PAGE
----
One thing that I know needs to change dramatically is when patients with brain injuries are allowed to sleep.  A search term today was “is it good for a stroke patient to do a lot of sleeping?”  The answer :  YES!!!!!!!!!!!!!!!!!!!!!!

Right now inpatient therapists are on like a 7am to 5pm schedule and traumatically brain injured people are supposed to conform to this schedule.  Yeah no.  It doesn’t work.  People that have just been traumatized to the brain need to sleep A LOT and WHENEVER they want.  You want a better recovery for your patient?  Well do you?  Then let her sleep.  The brain heals when it sleeps.  Sleeping should be the #1 priority and therapy should happen when the PATIENT is awake and ready.  Sleep comes first, rehab second.  I remember when I was in the hospital(for a devastating brain injury) that an OT would come into my room every morning at 7am and wake me up saying “rise and shine!”  I never wanted to hurt someone so bad.  If I wasn’t nearly locked-in that OT might have been physically harmed.  The salaries that are given to therapists are kind of pathetic(at least in Pittsburgh) and it’s most definitely not enough for me to have, prior to this event, work late hours or overnight.  So one change that NEEDS to be made is higher salaries for therapists so that they’re willing to work crazy hours to conform to the PATIENT’S sleeping schedule.  These patients absolutely SHOULD NOT have to conform to the therapist schedule.  It should be the other way around.  People that have just had something like this happen CANNOT be expected to be on any kind of schedule.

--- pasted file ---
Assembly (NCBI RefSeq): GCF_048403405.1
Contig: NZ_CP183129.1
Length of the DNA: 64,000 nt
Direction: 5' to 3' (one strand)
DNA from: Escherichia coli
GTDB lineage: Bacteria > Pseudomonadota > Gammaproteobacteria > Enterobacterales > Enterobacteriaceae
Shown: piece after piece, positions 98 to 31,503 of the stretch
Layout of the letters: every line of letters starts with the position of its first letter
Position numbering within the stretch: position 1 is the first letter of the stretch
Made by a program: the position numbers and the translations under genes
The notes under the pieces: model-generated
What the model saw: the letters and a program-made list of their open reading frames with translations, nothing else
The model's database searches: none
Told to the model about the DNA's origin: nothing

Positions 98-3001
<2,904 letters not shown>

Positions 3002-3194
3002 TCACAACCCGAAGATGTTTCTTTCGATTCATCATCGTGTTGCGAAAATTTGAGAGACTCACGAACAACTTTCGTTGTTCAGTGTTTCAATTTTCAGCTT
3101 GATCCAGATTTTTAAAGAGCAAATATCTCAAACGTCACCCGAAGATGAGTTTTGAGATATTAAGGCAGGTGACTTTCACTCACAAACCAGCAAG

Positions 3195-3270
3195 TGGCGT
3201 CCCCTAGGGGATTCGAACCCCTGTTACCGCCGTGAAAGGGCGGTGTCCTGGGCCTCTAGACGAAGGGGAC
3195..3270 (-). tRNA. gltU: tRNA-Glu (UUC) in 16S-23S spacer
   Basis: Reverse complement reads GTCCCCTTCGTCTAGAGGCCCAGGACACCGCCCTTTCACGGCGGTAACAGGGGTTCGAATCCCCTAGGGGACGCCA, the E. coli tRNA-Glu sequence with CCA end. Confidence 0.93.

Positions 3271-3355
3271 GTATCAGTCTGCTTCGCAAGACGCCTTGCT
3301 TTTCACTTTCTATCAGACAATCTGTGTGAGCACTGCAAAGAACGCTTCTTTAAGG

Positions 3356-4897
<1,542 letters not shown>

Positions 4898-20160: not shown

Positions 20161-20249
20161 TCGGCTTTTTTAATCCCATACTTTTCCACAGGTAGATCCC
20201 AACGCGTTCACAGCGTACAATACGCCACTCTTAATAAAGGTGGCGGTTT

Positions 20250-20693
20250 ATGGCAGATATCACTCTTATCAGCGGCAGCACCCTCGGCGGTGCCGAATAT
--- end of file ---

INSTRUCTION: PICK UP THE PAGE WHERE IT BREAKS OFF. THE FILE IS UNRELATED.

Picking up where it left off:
Oh and all of this needs to happen.  Some of this has nothing to do with therapy/rehab but whatever.


Why I Do What I Do Part Two…..Meditation

There is oodles and oodles and oodles of research about how meditation affects the brain.  Oodles.  Go onto and type ‘meditation’ and over 3500 articles come up.  When you have a brain injury, you better meditate.  You can work out a ton, and I can give you all kinds of exercises and suggestions as a physical therapist, but if you’re not meditating and doing breath work you’re not going to get the results that you want.  You need to work on the brain directly for anything to truly change.

Please go here for a better, affordable alternative to learning Transcendental Meditation.


Brain Injury